13. Emily @ Under$1000PerMonth September 9, 2009 at 7:18 am #

    We were given an overabundance of baby wash clothes and just use some of them as wipes. We don’t wipe for pee, just for poop.

  14. Kim September 8, 2009 at 4:52 pm #

    I keep my solution (castile soap and water) in a wipes warmer. Then when I am ready to wipe baby’s bottom I dip my cloth wipe into the solution, squeeze out the excess water and wipe away! It’s especially nice to have the solution warm in the winter. I used to also put lavendar oil in my solution but baby #2 has super sensitive skin and it would makes her bottom rashy. I’ve been doing it this way for three years and it has worked great.

    • Shannon Hazleton September 9, 2009 at 10:57 am #

      (gasp) I love that idea, Kim. I’ve always wanted to try keeping my wipes damp in a container, but I live in southeast Texas, and humidity is a killer down here. So I’ve been afraid my wipes would have mold and mildew. But I never thought about just keeping the solution in the wipe warmer, and then just dipping the wipe in there. Lovely. Thanks!

      And thanks for this series, Lindsay. With #2 now potty training, I’m actually looking forward to cloth-diapering again when #3 arrives in February! :)

  15. Kate September 8, 2009 at 12:10 pm #

    I just bought those super cheap cloths from Kmart. And some baby soap, and voila. I didn’t cloth diaper, but I didn’t like disposable wipes. And some people used paper towel—yikes! Talk about something washrough on your baby’s bottom!

    This works well for those of whose sewing skills stop at minor hemming, button and rip repairs lol.

  16. Krystal September 8, 2009 at 11:35 am #

    Do you keep them wet in a solution or just get them wet when you are ready to change a diaper? (I’m having baby #6 this month & ordered my first cloth diapers)

    • Lindsay September 8, 2009 at 1:28 pm #

      I keep them already damp in the container ready for the next diaper change.

      • Michelle October 6, 2009 at 7:34 pm #

        I bought a Lionheart warmer because I use cloth wipes. It was recommended that I use their pillows so I bought a couple of packages. They were supposed to be mildew-free, anti-bacterial, didn’t brown your wipes and all I had to do was rewet it every week, supposed to last 3 months. I’ve gone thru 2 or 3 pillows and it gets smelly, etc. Anyway, I’m wondering if I can leave any solution floating in any warmer or do they need to be the warmers that are made for disposable wipes? I didn’t like the castile soap for my skin and my daughter has eczema. I was thinking of making a solution from coconut oil and water since coconut oil is a lighter oil than olive or avocado. I’m just not sure on the ratio, any ideas?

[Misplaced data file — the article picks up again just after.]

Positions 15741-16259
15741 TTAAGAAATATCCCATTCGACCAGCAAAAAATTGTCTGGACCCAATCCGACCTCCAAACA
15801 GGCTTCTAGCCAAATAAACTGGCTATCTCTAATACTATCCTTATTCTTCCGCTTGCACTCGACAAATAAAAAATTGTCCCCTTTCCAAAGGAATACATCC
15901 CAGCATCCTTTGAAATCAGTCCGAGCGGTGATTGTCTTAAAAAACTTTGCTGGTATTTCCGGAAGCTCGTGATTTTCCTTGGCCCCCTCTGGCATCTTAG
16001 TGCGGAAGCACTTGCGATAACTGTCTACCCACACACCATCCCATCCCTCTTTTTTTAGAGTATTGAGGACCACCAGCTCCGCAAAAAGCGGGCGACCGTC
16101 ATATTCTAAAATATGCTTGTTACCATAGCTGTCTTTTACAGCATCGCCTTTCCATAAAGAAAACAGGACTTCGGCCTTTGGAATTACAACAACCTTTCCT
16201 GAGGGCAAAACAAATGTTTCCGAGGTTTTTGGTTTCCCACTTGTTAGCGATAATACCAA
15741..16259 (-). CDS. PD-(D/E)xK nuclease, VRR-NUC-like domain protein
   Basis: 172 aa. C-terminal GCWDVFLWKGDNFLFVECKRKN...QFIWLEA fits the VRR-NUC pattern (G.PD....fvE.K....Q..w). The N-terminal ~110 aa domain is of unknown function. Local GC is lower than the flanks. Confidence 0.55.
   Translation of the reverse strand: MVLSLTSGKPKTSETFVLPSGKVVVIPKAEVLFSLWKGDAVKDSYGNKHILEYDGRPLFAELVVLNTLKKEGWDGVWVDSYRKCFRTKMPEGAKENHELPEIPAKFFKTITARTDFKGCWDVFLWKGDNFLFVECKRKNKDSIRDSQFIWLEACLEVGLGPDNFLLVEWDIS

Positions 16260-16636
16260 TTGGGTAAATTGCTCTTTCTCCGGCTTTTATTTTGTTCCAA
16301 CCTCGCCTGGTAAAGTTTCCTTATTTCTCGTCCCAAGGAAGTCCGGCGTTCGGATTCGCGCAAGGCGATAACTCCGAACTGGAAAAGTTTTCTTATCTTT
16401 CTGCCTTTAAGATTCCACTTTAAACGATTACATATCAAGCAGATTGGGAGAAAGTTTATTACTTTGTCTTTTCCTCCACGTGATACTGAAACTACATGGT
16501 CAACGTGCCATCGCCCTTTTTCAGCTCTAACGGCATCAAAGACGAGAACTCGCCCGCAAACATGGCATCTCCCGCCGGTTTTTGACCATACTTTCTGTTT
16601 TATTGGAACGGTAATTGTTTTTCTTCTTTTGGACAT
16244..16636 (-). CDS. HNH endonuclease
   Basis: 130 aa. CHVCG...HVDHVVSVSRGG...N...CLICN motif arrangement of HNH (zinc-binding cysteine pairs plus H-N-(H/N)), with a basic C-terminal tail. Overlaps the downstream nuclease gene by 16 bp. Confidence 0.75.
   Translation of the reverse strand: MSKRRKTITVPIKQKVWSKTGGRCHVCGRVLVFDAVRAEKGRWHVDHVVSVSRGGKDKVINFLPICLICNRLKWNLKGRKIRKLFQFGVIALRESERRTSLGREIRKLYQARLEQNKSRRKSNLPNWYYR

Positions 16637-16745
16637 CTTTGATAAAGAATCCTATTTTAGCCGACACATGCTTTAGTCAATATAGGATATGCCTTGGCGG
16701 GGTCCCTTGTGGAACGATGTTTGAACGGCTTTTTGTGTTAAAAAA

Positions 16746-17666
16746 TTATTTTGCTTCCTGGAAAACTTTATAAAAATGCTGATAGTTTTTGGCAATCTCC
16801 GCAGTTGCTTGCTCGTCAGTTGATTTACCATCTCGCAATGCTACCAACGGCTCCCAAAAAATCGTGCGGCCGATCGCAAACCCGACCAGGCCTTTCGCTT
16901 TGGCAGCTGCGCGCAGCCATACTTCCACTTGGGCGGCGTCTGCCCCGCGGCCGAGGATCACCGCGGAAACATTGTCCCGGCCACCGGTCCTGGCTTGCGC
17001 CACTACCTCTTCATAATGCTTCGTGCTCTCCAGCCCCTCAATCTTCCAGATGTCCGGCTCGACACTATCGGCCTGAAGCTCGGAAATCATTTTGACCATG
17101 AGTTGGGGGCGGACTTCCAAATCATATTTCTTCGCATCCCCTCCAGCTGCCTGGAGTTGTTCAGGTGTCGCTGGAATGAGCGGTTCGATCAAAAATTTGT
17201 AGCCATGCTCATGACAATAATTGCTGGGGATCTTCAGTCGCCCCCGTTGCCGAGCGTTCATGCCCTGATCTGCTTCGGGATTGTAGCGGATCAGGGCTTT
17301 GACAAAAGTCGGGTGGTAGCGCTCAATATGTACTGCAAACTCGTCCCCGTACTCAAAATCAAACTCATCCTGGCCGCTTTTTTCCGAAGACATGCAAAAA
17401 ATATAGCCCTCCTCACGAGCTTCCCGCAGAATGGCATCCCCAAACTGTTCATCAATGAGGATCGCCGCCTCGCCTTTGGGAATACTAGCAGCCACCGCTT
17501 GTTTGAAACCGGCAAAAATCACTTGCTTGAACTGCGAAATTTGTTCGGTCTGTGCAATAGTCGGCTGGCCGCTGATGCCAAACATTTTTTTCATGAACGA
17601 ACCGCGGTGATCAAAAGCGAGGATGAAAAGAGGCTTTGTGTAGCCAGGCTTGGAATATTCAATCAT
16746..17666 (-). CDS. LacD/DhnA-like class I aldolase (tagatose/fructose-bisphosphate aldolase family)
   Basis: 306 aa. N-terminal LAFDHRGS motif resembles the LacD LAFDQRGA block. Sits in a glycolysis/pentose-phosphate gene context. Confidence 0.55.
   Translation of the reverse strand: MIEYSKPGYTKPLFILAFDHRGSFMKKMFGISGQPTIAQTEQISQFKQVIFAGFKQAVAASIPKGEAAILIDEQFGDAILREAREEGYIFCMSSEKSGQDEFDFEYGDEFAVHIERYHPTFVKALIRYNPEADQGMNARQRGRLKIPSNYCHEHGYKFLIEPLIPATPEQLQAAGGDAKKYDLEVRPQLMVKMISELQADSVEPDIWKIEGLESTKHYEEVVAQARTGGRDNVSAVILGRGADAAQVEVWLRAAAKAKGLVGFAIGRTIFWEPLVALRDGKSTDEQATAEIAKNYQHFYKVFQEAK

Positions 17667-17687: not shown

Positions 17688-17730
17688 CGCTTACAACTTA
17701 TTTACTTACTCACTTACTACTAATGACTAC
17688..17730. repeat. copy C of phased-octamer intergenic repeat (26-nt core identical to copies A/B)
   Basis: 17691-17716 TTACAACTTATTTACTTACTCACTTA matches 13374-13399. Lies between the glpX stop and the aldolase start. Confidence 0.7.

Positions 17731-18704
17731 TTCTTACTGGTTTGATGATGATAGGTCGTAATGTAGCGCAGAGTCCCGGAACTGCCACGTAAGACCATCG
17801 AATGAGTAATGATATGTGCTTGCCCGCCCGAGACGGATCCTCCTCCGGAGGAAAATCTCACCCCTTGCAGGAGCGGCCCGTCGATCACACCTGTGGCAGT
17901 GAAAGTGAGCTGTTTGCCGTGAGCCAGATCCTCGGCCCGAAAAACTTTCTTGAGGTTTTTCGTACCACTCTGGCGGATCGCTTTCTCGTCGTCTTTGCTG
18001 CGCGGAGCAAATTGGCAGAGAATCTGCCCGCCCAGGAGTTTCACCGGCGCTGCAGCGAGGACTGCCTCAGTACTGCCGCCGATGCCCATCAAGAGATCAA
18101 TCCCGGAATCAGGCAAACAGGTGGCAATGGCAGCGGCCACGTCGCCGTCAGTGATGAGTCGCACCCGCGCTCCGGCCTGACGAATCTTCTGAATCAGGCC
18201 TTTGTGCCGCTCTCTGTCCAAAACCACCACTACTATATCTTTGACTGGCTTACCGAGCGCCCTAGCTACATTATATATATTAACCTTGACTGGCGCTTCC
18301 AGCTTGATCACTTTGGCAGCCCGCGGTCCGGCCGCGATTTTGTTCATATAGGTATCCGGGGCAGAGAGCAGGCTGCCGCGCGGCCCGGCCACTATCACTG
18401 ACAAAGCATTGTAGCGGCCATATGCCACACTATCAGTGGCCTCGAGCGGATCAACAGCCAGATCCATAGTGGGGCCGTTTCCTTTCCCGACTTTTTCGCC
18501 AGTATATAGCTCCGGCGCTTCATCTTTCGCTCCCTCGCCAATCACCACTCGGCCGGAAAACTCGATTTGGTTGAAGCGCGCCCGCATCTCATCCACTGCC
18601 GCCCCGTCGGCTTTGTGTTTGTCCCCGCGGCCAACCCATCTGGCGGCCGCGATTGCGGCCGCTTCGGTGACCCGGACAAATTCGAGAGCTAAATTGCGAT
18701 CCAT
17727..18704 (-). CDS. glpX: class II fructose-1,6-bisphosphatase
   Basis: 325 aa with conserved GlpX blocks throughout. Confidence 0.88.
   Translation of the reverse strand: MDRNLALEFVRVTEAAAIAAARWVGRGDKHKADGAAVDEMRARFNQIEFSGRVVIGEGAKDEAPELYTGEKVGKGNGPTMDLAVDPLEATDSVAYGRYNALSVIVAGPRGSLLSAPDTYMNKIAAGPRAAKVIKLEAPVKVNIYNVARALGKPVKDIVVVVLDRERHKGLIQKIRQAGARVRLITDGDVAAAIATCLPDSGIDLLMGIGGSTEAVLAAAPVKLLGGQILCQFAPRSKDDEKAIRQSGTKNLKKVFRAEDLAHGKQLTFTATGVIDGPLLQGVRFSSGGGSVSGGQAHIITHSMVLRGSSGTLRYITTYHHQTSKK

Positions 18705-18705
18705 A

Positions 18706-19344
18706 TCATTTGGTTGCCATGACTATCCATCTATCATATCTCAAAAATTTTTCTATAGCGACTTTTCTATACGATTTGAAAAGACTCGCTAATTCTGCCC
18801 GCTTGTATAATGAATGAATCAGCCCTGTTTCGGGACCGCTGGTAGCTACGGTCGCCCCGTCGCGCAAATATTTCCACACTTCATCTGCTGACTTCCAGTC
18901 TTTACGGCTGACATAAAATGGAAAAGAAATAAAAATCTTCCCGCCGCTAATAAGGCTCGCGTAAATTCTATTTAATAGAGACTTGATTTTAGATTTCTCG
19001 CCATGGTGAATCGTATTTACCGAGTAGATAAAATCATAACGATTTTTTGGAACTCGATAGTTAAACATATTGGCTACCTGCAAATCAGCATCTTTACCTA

• Susan October 15, 2009 at 1:34 pm #

        So I’ve been using the cloth wipes in a container wet and rung out like you mentioned, but today found the ones at the bottom were moldy after only being in there a couple of days. Do you have a problem with that Lindsay? Also, how do you keep them warm (or do your kids care)?

        • Lindsay October 16, 2009 at 8:32 am #

          I would just keep a smaller amount of damp wipes in your container. Keep the rest dry next to it and get them damp when your first batch runs out. That is what we do.

  17. Annalea September 8, 2009 at 10:45 am #

    I love cloth wipes, too. I just had to be sure to rinse the soapy wipe solution out of them, otherwise I would get detergent build up in my diaper laundry.

  18. Ginny September 8, 2009 at 10:30 am #

    I was thinking the same thing as you today! I was just getting on the computer to look for some wipe solution recipes. I am going to try using baby wash rags for my wipes.

  19. Zsera September 8, 2009 at 9:56 am #

    Thank you for this post. I am pregnant with our third baby and plan to use cloth diapers and wipes for the first time. I will make sure to have a few dozen wipes made up before the baby is born.

  20. Aelinn September 8, 2009 at 9:55 am #

    We also love cloth wipes! Along with our single layer flannel wipes, we keep about four double-sided wipes–one layer of flannel, one layer of baby washcloth–for bigger messes. We also store ours dry, and just keep a squirt bottle full of water with a few drops of lavender oil (and maybe a couple drops of tea tree oil if our son has a rash.) One of the things I love about cloth diapering is how customizable it all is! Lots of options.

  21. Alicia Johnson September 8, 2009 at 7:50 am #

    Cloth wipes are the best. I agree–they are so much more durable and clean better than disposable wipes. I was going through a full sized box of wipes a week with my newborn, which is so expensive! I am so glad that there is this option.